Technology & Science

Man charged with distributing live stream of New Zealand mass shooting

An 18-year-old man has been charged with distributing a live stream of the mass shooting at two mosques last week. Authorities warn that both possession and distribution of the video are considered an offence.

Possession or sharing of video of deadly mosque attack considered an offence

A still image from a video the alleged gunman filmed and streamed live online as the attack was unfolding shows him retrieving weapons from the trunk of his car. New Zealand says it's an offence to possess or share copies of videos showing Friday's mass shooting that killed at least 50 people at two mosques. (Twitter via Reuters)

An 18-year-old man was denied bail at a court in New Zealand on Monday after he was charged with distributing a live stream of the mass shooting last week, the New Zealand Herald reported.

The man was arrested on Friday, but police have since said they do not believe he was directly involved in the attacks at two mosques in Christchurch that day, in which 50 worshippers were killed.

He faces charges of sharing the gunman's live stream and posting a photograph of one of the mosques attacked with the message "target acquired," along with other chat messages "inciting extreme violence," the Herald reported.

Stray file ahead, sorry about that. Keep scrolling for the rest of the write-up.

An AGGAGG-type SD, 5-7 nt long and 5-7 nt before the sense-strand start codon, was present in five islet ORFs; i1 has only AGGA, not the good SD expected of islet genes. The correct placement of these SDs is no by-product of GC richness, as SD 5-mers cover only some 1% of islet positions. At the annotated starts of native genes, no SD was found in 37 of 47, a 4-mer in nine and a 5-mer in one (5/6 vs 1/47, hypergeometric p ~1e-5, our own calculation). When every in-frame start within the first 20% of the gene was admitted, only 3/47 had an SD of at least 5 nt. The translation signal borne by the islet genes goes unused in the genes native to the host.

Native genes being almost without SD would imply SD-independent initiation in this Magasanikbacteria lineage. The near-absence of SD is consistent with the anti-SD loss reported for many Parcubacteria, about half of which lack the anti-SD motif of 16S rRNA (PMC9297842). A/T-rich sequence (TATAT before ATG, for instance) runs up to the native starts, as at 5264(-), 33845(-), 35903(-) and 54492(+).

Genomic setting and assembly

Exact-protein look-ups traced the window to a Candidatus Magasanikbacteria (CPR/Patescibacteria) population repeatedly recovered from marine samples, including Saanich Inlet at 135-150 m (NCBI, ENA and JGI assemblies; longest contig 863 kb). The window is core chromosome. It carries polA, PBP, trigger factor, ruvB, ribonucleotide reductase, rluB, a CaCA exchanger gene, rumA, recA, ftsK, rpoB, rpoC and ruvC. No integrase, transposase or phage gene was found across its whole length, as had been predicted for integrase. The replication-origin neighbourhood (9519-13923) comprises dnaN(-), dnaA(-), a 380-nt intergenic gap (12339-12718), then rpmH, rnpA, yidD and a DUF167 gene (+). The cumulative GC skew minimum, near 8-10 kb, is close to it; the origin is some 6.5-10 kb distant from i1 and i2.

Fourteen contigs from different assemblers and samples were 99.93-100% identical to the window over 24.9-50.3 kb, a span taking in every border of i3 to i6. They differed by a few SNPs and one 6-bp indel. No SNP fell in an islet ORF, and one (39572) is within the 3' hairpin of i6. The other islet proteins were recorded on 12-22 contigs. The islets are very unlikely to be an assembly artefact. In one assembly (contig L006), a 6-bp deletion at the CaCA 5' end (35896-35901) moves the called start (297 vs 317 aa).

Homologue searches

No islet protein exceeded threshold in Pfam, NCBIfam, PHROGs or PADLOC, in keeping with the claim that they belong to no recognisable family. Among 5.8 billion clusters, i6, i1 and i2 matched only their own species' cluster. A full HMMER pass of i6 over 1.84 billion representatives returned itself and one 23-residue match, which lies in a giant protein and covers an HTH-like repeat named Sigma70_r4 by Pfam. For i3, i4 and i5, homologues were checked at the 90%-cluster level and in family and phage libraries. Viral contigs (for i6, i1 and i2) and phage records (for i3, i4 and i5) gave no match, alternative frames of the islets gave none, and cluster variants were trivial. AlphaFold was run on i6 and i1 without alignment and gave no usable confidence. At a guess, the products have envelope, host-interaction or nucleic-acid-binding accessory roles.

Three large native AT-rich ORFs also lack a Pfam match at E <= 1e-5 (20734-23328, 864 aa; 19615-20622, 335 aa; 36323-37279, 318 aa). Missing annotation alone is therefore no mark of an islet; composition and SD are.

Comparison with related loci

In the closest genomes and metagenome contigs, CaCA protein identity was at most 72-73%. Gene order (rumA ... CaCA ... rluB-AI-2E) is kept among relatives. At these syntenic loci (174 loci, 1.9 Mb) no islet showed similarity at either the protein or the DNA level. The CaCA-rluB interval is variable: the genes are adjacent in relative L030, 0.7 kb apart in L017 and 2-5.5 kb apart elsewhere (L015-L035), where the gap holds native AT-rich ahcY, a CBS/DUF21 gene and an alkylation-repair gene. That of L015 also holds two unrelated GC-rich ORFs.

His request for bail was refused, but the judge granted him name suppression. He is due back in court next month.

Australian Brenton Tarrant, a suspected white supremacist, was charged with murder for the mosque shootings. Tarrant was remanded without a plea and is due back in court on April 5 where police said he was likely to face more charges.

'Classed as objectionable'

New Zealand said on Monday that any possession or sharing of a video showing a mass shooting on Friday that killed at least 50 people has been classed as an offence.

The gunman who attacked two mosques on Friday live-streamed the attacks on Facebook for 17 minutes using an app designed for extreme sports enthusiasts, with copies still being shared on social media hours later

"The footage related to the attack has been classed as objectionable, so it is an offence under New Zealand law to possess, share, and/or host it," said Sarah Stuart-Black, director of New Zealand's Ministry of Civil Defence and Emergency Management.

Facebook said it removed 1.5 million videos globally of the New Zealand mosque attack in the first 24 hours after the attack. It said it is also removing all edited versions of the video that do not show graphic content out of respect for the people affected by the mosque shooting and the concerns of local authorities.